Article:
The Socio-Economic Rights and Accountability Project (SERAP) has asked President Muhammadu Buhari to address the nation on the real ownership of the N13bn discovered by the Economic and Financial Crimes Commission (EFCC) in Lagos last week.
SERAP said the president needs to clarify the issue following the controversy that has surrounding the monies.
The EFCC last week discovered the sums of $43.4m, N23m and £27,000 hidden in a house at the Osborne Towers, Ikoyi, Lagos.
Nyesom Wike, governor of Rivers state and the National Intelligence Agency (NIA) are both claiming ownership of the cash.
In a statement signed by Adetokunbo Mumuni, SERAP executive director, the organisation called on the president to also ensure legal backing for his government’s whistle-blowing policy.
“Clearing the doubts surrounding the real identities of those behind the Ikoyi cash haul would demonstrate that the president values transparency over secrecy, Mumuni said.
“This will further encourage more people to blow the whistle on governmental corruption and enhance the public right to know.
“The government’s increasing reliance on whistle-blowers’ tips to fight corruption has to be backed by some level of transparency and accountability in the real identities of those claiming recovered cash.
“Democracy abhors secrecy, and for Nigerians to be able to hold elected leaders accountable, they must have access to information such as on the real identities of those behind the Ikoyi cash haul.
“This transparency is fundamental to the operation of the government’s whistle-blower policy, and inextricably rooted in the notions of good governance and the rule of law under the 1999 Nigerian constitution (as amended).”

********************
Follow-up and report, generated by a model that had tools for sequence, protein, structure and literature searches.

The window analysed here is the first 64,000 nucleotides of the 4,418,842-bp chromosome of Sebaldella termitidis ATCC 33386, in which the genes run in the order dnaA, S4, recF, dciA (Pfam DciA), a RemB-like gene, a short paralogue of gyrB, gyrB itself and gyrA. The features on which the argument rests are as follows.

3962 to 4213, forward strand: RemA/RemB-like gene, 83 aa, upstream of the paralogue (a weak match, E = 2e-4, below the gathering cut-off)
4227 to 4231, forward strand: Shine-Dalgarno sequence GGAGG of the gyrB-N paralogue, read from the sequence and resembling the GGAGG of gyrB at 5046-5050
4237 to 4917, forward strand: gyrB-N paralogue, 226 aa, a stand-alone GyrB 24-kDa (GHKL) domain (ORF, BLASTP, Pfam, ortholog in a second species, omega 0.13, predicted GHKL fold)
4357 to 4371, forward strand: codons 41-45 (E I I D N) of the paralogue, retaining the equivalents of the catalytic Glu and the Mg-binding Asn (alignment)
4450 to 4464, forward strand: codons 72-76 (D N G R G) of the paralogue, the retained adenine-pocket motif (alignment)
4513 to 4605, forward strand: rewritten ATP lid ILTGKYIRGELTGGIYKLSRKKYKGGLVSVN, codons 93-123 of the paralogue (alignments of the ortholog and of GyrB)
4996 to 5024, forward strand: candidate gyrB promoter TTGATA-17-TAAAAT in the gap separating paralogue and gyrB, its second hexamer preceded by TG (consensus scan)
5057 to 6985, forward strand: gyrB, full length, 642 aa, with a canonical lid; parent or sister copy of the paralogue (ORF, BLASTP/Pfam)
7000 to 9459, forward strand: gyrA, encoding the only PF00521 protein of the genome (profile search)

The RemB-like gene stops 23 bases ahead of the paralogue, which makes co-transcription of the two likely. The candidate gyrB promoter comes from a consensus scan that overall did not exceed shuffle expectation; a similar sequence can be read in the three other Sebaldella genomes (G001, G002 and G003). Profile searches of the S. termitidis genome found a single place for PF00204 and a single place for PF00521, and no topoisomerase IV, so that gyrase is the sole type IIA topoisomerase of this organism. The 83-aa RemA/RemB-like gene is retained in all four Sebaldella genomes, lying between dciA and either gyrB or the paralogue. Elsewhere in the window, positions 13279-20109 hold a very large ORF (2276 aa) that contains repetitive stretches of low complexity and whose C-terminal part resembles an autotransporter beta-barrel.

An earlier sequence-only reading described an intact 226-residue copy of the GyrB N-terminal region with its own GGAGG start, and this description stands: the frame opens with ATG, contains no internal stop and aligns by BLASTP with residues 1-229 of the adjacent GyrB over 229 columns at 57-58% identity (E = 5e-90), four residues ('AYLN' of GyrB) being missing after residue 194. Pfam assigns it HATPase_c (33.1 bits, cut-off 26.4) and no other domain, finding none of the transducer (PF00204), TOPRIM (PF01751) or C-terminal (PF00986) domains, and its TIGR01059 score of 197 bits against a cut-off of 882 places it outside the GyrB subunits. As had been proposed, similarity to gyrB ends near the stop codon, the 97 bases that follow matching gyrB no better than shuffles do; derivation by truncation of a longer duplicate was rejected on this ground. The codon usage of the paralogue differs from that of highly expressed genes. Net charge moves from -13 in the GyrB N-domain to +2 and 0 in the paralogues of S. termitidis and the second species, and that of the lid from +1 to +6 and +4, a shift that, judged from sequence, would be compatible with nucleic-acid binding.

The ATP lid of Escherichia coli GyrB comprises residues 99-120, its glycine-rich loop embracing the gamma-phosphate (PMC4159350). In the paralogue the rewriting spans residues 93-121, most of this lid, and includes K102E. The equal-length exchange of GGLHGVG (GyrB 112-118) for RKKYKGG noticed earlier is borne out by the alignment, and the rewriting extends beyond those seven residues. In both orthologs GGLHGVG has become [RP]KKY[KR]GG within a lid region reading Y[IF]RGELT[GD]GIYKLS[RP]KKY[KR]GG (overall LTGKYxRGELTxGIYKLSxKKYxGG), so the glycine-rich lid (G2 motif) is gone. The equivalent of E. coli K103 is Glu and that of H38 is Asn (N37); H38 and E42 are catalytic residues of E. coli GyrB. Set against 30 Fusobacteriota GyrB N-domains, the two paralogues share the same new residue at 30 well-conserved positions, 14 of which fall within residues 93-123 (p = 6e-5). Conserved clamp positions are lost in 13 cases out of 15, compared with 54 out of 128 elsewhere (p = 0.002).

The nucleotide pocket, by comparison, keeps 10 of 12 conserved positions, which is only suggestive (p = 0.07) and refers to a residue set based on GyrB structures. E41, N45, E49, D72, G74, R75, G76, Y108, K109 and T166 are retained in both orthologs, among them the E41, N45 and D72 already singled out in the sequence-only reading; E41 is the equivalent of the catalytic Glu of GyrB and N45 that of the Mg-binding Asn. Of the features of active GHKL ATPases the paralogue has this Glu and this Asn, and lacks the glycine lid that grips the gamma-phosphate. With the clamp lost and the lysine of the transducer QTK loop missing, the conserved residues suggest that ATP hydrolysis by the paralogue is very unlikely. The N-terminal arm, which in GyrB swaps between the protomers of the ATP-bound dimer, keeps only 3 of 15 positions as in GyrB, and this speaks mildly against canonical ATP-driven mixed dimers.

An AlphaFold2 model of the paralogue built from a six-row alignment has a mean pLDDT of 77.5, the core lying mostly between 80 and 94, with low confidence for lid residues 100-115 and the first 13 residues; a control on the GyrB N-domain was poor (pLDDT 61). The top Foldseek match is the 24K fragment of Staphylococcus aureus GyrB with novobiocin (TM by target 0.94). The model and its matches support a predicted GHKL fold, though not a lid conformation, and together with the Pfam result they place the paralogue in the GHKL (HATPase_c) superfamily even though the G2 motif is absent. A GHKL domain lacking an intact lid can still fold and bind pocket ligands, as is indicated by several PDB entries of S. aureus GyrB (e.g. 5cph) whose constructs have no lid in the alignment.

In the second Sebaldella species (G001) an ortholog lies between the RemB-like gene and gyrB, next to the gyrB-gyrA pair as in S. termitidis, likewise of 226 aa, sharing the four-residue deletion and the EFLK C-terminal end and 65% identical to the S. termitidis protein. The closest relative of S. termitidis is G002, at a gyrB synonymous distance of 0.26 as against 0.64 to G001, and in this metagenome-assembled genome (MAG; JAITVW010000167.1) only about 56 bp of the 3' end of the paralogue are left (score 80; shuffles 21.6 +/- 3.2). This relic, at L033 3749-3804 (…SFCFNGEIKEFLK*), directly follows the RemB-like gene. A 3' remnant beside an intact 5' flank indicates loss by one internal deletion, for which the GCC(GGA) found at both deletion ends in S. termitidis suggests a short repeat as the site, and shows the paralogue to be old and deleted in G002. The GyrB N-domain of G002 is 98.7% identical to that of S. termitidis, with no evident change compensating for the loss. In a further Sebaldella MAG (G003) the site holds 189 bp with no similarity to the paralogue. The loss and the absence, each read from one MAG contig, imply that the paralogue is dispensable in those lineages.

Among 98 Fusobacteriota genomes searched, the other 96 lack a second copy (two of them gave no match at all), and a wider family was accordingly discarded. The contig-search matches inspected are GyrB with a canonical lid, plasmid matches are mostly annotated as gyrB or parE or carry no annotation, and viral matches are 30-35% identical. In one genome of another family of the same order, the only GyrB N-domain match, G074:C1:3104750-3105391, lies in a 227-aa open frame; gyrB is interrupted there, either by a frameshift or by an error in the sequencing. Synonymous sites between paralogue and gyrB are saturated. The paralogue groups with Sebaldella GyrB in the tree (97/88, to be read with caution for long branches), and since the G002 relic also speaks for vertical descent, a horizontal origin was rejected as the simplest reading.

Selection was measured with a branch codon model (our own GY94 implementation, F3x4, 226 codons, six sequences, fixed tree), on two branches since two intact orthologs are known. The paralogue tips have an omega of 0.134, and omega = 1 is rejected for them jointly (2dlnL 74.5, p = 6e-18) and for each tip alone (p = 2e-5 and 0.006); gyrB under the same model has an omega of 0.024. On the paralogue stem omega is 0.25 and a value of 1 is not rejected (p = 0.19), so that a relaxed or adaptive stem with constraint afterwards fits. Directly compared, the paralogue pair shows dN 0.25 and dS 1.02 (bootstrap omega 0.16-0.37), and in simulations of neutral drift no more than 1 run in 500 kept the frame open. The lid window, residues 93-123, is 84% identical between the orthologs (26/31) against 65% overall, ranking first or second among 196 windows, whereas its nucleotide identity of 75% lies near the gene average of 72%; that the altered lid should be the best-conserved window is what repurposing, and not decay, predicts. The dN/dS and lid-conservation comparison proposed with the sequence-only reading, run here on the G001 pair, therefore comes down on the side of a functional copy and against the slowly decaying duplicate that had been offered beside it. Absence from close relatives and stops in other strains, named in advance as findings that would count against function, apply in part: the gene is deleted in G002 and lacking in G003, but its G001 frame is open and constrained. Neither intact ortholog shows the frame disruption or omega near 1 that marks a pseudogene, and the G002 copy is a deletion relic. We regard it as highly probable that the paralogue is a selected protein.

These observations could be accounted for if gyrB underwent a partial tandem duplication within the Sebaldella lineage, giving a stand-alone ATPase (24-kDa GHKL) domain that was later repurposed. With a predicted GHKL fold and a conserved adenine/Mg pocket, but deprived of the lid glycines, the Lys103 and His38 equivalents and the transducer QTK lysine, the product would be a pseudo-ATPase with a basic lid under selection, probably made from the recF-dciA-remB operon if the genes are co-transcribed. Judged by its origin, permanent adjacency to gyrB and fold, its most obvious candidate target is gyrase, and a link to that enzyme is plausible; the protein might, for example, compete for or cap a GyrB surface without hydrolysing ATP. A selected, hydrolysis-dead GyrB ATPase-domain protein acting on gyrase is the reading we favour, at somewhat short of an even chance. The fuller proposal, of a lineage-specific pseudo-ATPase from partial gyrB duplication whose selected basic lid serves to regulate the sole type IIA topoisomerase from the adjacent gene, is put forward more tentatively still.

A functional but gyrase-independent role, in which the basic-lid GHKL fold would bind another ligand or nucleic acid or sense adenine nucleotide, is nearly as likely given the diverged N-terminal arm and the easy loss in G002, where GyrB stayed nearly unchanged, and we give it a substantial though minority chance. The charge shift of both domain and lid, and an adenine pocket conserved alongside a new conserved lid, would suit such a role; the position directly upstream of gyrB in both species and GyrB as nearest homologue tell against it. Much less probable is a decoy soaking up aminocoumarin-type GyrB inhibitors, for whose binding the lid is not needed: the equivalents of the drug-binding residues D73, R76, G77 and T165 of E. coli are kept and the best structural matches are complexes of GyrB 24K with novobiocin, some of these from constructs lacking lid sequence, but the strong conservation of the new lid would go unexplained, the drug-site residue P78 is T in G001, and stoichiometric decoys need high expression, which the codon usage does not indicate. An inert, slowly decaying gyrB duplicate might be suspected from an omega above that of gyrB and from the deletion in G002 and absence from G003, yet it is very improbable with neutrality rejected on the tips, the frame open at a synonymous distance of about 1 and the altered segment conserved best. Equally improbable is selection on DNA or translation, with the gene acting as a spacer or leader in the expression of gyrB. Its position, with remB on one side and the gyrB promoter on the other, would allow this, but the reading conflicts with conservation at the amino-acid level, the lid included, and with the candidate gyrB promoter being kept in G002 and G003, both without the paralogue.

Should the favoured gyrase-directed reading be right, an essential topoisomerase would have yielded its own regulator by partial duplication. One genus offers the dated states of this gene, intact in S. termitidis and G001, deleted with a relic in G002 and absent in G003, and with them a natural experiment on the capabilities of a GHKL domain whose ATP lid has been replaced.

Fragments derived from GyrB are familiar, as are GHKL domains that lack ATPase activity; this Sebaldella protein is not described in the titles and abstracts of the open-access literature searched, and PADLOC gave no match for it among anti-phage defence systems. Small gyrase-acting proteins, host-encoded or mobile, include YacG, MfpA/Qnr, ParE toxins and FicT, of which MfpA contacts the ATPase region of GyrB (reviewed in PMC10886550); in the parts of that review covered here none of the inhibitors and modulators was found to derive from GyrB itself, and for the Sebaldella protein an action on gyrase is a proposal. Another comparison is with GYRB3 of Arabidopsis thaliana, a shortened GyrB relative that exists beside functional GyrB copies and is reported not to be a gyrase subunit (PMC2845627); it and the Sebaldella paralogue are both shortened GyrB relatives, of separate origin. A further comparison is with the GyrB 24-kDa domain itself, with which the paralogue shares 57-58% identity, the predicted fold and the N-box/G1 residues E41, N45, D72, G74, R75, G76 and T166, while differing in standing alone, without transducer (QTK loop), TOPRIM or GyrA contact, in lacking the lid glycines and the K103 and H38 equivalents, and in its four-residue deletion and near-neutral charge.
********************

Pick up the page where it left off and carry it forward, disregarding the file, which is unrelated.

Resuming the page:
SERAP also said giving the whistle blowing policy a legal backing will ensure protection of the whistleblowers “from any retaliation and attacks” as well show how important the fight against corruption is to the federal government.
“The policy of giving whistle-blowers some percentage of recovered loot would seem to be a game changer in the fight against corruption but this government now has to squarely address the significant risks that those who blow the whistle face by urgently working with the national assembly to ensure the necessary legal backing that would ensure protection against reprisals and attacks,” he said.
“The government should ensure that the national assembly expedites the process of passing the whistle-blower Bill, as ensuring that the bill is passed without further delay would recognise the necessity of whistleblowers and the value they add to the anti-corruption fight by reporting otherwise unknown corruption-related information.
“It would also ensure that whistle-blowers are fully protected from any retaliation and attacks they may experience, and that the government fully appreciates the information they provide.”